Note: This is an archived Handbook entry from 2014.
|Dates & Locations:|| |
This subject has the following teaching availabilities in 2014:June, Southbank - Taught on campus.
Semester 2, Southbank - Taught on campus.
An enrolment quota of 144 students applies to the February and June intensives, and of 36 for the Semester 2 availability.
Timetable can be viewed here. For information about these dates, click here.
|Time Commitment:||Contact Hours: Intensive Mode: 6hrs per day for 6 days (36hrs). Semester Mode:3hrs per week for 11 weeks + 1 x 3hr Saturday Field trip (36hrs). |
Total Time Commitment:
|Recommended Background Knowledge:||None|
|Non Allowed Subjects:||None|
|Core Participation Requirements:||
For the purposes of considering request for Reasonable Adjustments under the Disability Standards for Education (Cwth 2005), and Student Support and Engagement Policy, academic requirements for this subject are articulated in the Subject Overview, Learning Outcomes, Assessment and Generic Skills sections of this entry.
It is University policy to take all reasonable steps to minimise the impact of disability upon academic study, and reasonable adjustments will be made to enhance a student's participation in the University's programs. Students who feel their disability may impact on meeting the requirements of this subject are encouraged to discuss this matter with a Faculty Student Adviser and Student Equity and Disability Support: http://services.unimelb.edu.au/disability
CoordinatorDr John Neeson
Faculty of the VCA and MCM
Ground Floor, Elisabeth Murdoch Building (Bldg 860)
234 St Kilda Road, Southbank, 3006
Phone: 13 MELB (13 6352)
This subject introduces students to the techniques and processes used in contemporary painting. Through project-based experimentation students are guided through a range of different painting techniques and their application in the production of aesthetically and materially developed artworks. This subject aims to create an informed and critical methodology for the use of contemporary painting technology as a vehicle for imaging ideas. It is also concerned with developing skills and a visual language through a range of painting media.
This subject will enable students to:
• Develop a visual language and exhibit skills for basic pictorial representation.
• Acquire knowledge for the safe handling of painting materials and exhibit a degree of technical proficiency in the manipulation of a range of paint media through studio-based experimentation. • Display an awareness of the technical possibilities of a variety of materials and practices;
• Exhibit evidence of skill development pictorially, technically and conceptually as a means of independent image making;
• Indicate evidence of individual research in the relevant area of practice.
Assessment is based on:
1. Folio Presentation
2. Subject Journal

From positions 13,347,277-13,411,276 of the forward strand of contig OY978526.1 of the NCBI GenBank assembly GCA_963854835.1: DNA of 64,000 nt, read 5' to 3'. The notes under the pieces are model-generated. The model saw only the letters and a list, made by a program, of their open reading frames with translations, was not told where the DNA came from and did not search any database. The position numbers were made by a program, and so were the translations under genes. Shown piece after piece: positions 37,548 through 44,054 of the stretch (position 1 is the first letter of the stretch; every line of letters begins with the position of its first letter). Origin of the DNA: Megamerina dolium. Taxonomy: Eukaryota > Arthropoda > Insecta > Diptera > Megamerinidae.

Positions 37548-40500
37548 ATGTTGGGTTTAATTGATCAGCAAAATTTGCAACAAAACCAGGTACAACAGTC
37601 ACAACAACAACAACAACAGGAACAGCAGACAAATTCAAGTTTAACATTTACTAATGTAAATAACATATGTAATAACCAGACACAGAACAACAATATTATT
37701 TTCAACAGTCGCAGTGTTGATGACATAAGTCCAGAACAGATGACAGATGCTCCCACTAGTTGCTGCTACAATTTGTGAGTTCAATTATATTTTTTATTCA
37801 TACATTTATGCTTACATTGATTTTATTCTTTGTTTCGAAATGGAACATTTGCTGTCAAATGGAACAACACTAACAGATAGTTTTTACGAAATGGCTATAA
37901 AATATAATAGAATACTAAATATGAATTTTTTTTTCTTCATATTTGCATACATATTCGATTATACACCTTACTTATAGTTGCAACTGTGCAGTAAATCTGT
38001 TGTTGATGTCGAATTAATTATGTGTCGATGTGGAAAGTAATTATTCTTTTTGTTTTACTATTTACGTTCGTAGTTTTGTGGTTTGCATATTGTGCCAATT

Both the completed folio and journal will be required to be presented two weeks after the final supervised studio practice session. Students are notified of the exact date/process in the first class.
Assessment is based on the following criteria:
• Course engagement
• Work development
Hurdle Requirement: Students must attend at least 80% of all scheduled classes for the folio and journal to be accepted for assessment purposes.
Recommended reading list :-
2. Wilcox Michael Blue and Yellow Don't Make Green. The Michael Wilcox School of Colour ISBN 09679628-7-0
3. Mayer Ralph The Artist's Handbook of Materials and Techniques. Viking ISBN 0-670-83701-6
4. Finlay Victoria Color: A Natural History of the Palette Random House ISBN 0812971426
|Breadth Options:|| |
This subject potentially can be taken as a breadth subject component for the following courses:
You should visit learn more about breadth subjects and read the breadth requirements for your degree, and should discuss your choice with your student adviser, before deciding on your subjects.
|Fees Information:||Subject EFTSL, Level, Discipline & Census Date|
At the completion of the course or subject students should be able to:
• Display an awareness of the graphic possibilities of a variety of concepts, materials and practices;
• Exhibit evidence of skill development both pictorially and technically as a means of independent image making;
• Indicate evidence of individual research in the relevant area of practice
• Demonstrate capacities for artistic imagination, creativity, transformation and interpretation;
• Demonstrate practical skills in respect of critical analysis, problem solving;
• Demonstrate an open, independent and inquiring attitude towards contemporary cultural developments and new ideas.
Incidental fees will apply for the purpose of accessing the workshop and purchase of materials as relevant.
Bachelor of Fine Arts (Animation) |
Bachelor of Fine Arts (Contemporary Music)
Bachelor of Fine Arts (Dance)
Bachelor of Fine Arts (Film and Television)
Bachelor of Fine Arts (Music Theatre)
Bachelor of Fine Arts (Production)
Bachelor of Fine Arts (Screenwriting)
Bachelor of Fine Arts (Theatre Practice)
Download PDF version.